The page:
Substitutes for leadership are actually important in many different organizational settings, but their existence is not explicated in any of the dominant leadership theories. Kerr and Jermier initiated the substitutes for leadership theory in 1978. The theory is related with providing a description for the lack of stronger empirical support for a relationship between leader traits or leader behaviours and subordinates' satisfaction and performance. The substitutes for leadership theory propose that characteristics of the organization, the task, and subordinates may substitute for or negate the effects of leadership, thus weakening observed relationships between leader behaviours and important organizational outcomes. This theory states that there are aspects of the situation that can reduce the importance of leadership. It sorts these aspects into two categories: substitutes (an aspect of the situation that leads employees to behave in the same way that a leader would get them to behave) and neutralizers (a neutralizer is something that lessens the effect of something else). If substitutes for leadership work, then leaders would not be required. The main contribution of leadership Substitutes theory is that it has offered insights into how employees might be encouraged to work hard by means other than through the formal leader. Influence leaders provide could also come in part from work design, reward systems, peer leadership, and self-management. The leader is only one source of influence on employee efforts and behaviour.
This theoretical approach of leadership reflects that leaders should be servants first. Servant-leadership, first proposed by Robert K. Greenleaf in 1970, is a theoretical structure that promotes a leader's primary motivation and role as service to others. It advocates that leaders must place the needs of subordinates, customers, and the community ahead of their own interests in order to be effective. Features of servant leaders include empathy, stewardship, and commitment to the personal, professional, and spiritual growth of their subordinates. Servant leadership has not been subjected to wide empirical testing but has created substantial attention among both leadership scholars and practitioners. Servant-leadership, therefore, emphasizes core personal characteristics and beliefs over any specific leadership techniques. Servant-leadership is admired for its importance on a "holistic" approach to the individual worker, one that addresses his or her spiritual as well as economic needs. Lee and Zemke (1993), for example, point to the instabilities of today's work environment. Servant-leadership has been broadly applied in the workplace, demonstrating its potential as a practical as well as theoretical approach to organizational management.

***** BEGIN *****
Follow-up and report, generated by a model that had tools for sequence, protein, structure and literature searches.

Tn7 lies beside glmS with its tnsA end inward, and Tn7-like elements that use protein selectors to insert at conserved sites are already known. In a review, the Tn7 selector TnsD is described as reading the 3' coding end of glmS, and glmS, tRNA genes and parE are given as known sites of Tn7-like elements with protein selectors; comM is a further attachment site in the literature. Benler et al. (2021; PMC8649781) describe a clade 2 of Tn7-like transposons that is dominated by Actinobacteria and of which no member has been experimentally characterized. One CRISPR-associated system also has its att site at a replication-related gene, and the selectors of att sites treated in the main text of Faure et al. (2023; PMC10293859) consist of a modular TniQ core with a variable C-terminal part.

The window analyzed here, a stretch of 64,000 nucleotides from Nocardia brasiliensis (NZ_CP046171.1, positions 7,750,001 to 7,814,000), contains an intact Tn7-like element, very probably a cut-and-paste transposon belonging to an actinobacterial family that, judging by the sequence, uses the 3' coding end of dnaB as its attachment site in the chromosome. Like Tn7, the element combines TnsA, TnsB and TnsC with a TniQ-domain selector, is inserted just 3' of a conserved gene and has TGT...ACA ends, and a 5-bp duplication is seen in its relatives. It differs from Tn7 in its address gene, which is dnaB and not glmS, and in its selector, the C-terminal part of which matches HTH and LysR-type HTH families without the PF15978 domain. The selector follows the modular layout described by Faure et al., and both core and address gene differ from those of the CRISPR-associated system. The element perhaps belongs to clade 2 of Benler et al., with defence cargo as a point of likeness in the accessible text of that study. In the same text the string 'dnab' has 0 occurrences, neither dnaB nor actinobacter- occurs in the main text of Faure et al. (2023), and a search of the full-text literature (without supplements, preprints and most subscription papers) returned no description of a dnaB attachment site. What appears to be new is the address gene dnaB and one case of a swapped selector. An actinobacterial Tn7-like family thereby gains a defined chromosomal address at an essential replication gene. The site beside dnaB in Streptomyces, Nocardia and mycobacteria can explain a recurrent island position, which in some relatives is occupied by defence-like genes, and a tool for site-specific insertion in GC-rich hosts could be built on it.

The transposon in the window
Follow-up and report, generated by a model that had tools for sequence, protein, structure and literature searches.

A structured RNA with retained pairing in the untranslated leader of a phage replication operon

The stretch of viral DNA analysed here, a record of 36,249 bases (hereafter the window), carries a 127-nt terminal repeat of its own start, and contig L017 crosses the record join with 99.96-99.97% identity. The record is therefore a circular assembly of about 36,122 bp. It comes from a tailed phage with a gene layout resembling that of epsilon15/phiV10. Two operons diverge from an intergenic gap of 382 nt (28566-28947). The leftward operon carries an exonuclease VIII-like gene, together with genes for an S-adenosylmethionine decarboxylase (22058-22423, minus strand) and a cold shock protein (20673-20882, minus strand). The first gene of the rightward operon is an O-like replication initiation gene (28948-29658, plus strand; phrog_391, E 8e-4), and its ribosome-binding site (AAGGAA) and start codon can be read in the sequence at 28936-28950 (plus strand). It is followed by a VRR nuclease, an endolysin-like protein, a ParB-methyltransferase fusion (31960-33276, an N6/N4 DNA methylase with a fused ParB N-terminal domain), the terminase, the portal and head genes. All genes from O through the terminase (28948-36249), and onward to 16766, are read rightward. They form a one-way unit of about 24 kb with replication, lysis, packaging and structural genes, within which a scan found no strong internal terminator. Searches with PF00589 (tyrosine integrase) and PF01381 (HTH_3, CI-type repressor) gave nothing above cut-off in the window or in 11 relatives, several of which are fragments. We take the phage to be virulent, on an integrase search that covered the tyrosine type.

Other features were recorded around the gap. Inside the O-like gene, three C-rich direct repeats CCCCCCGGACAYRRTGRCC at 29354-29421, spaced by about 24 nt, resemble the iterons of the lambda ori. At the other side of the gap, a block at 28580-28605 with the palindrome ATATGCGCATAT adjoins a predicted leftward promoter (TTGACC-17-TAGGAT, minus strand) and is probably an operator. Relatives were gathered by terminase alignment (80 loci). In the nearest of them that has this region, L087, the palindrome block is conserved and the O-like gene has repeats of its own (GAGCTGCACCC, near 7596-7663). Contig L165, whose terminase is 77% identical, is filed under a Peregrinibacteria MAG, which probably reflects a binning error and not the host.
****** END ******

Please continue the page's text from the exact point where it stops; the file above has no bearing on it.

Leadership style is the manner and approach of providing direction, implementing plans, and motivating people. As seen by the employees, it includes the total pattern of explicit and implicit actions performed by their leader (Newstrom, Davis, 1993). It is found in numerous studies that three types of leadership are common in business which include authoritarian, democratic and laissez-faire. Each type of leadership impacts organizational performance in a different way. Authoritarian leadership is commanding and sets clear expectations for employees in the organizational. Democratic leadership promotes feedback and input from managers or employees regarding organizational performance. Laissez-faire is a hands-off approach, where managers and employees work according to their own preference and schedule. This leadership style can lead to poor motivation and work practices. Organizations are successful when managers and employees have healthy relationships. Leadership can be an evolutionary process in firms. Business holders who provide leadership can change an employee from a worker completing projects to a valuable team member. Leadership skills can assist in changing an employee's mentality by instilling an ownership mind-set. Many studies have demonstrated that role of leadership is critically important to accomplish the performance of organizations (Boal and Hooijberg, 2000; Peterson). A good leader uses all three styles, depending on what forces are involved between the followers, the leader, and the situation.
To summarize, leadership is about coping with change. Leaders establish direction by developing a vision of the future; then they support people by communicating this vision and inspiring them to beat hurdles. Organizations need strong leadership for good performance. While a good leader may give direction to organization.